Briggs: Judicial gerrymandering bill rammed through committee with no public hearing

HARRISBURG, Jan. 13 – House Republicans rammed a proposed constitutional amendment that threatens the independence of the judiciary system through a newly formed committee today, with little notice and no public hearing, said state Rep. Tim Briggs, Democratic chairman of the Judiciary Committee.

House Bill 38 would amend the state constitution so that appellate judges would be elected by district rather than statewide. It advanced from the Judiciary Committee by a 13-12 vote.

“This bill would have a devastating effect on the balance of power in our government. It shows a fundamental lack of understanding of the independent role of our judiciary and further politicizes our courts. Some Republicans want to rig the system, and they want to do it quickly – without public input,” said Briggs, D-Montgomery. “A vote on legislation that would substantially change our courts should be given proper consideration and discussion. And yet, the Judiciary Committee was given less than 24 hours’ notice that our reorganization meeting would take place today and would include a vote on this constitutional amendment, which amounts to judicial gerrymandering.”

Briggs added that the bill will disenfranchise all Pennsylvania voters. Under the current system, voters have an opportunity to vote on all 31 statewide judges and justices, but under H.B. 38, voters would only have the opportunity to vote for three judges and justices.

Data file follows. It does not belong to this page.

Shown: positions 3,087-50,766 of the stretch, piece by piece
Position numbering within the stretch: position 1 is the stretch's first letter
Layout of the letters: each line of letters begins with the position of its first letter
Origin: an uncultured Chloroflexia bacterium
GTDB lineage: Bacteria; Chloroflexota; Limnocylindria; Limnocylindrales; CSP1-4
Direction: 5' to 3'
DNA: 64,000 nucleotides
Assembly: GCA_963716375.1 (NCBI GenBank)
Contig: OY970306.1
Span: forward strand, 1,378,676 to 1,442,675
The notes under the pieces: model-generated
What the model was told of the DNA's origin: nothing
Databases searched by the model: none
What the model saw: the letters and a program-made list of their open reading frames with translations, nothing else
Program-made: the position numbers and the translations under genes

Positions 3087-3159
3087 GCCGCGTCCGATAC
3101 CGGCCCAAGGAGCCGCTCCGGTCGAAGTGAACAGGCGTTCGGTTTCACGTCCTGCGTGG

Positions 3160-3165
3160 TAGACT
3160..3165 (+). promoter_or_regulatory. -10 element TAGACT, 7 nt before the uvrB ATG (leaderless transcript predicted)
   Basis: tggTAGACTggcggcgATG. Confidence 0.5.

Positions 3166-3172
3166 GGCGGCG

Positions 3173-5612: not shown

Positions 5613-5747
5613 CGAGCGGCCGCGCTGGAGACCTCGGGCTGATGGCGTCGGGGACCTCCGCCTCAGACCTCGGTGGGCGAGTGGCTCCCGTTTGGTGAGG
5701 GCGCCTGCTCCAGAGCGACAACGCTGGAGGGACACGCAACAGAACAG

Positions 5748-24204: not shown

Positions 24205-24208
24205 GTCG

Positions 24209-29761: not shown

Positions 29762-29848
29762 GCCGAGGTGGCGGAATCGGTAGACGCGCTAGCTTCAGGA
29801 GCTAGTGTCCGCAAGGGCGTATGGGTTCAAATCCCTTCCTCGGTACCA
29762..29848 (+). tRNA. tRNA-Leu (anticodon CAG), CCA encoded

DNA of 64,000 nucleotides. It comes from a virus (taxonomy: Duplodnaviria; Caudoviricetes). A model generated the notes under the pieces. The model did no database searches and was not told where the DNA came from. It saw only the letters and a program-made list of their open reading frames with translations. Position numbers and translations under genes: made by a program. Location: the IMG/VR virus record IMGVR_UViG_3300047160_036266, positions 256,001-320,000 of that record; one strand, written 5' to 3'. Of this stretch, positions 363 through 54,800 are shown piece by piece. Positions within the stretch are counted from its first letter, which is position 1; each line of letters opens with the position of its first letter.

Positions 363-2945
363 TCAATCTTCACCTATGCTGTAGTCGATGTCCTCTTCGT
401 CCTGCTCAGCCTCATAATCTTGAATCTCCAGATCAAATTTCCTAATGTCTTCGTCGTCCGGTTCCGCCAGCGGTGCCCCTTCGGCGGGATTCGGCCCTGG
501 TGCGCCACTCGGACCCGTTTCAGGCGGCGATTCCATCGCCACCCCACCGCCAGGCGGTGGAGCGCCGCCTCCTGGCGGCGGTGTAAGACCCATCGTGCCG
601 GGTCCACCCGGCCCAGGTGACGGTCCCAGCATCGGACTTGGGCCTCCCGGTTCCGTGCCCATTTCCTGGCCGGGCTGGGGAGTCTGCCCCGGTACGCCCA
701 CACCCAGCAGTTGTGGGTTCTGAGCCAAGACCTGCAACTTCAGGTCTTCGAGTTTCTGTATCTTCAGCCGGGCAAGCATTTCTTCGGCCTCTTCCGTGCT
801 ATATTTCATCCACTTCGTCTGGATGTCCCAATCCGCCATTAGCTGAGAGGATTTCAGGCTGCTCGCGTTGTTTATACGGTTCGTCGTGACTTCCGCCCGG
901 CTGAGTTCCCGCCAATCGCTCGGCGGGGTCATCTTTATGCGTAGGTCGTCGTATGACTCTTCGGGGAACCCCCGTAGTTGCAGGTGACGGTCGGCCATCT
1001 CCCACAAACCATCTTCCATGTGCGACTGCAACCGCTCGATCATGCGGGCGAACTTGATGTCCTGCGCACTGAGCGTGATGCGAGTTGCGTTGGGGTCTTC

Today, Briggs made a motion to hold a public hearing on H.B. 38 next week, but it did not pass in a party-line vote.

As the 2021-22 legislative session began, Briggs proposed a change to House rules that would require the legislature hold a public hearing on any proposed constitutional amendment. The change was not included in the new rules, so Briggs has reintroduced a resolution to make such a change.

“The framers of our state constitution recognized that amendments should not be taken lightly,” Briggs said. “We in the General Assembly should also recognize the gravity of this responsibility and ensure potential amendments get the deliberation they deserve.”

Constitutional amendments must pass the General Assembly in two consecutive sessions before going to voters in a referendum. A bill identical to H.B. 38 passed in the 2019-20 session, so if the bill passes the full House and Senate this session, it can be placed on the ballot for voters.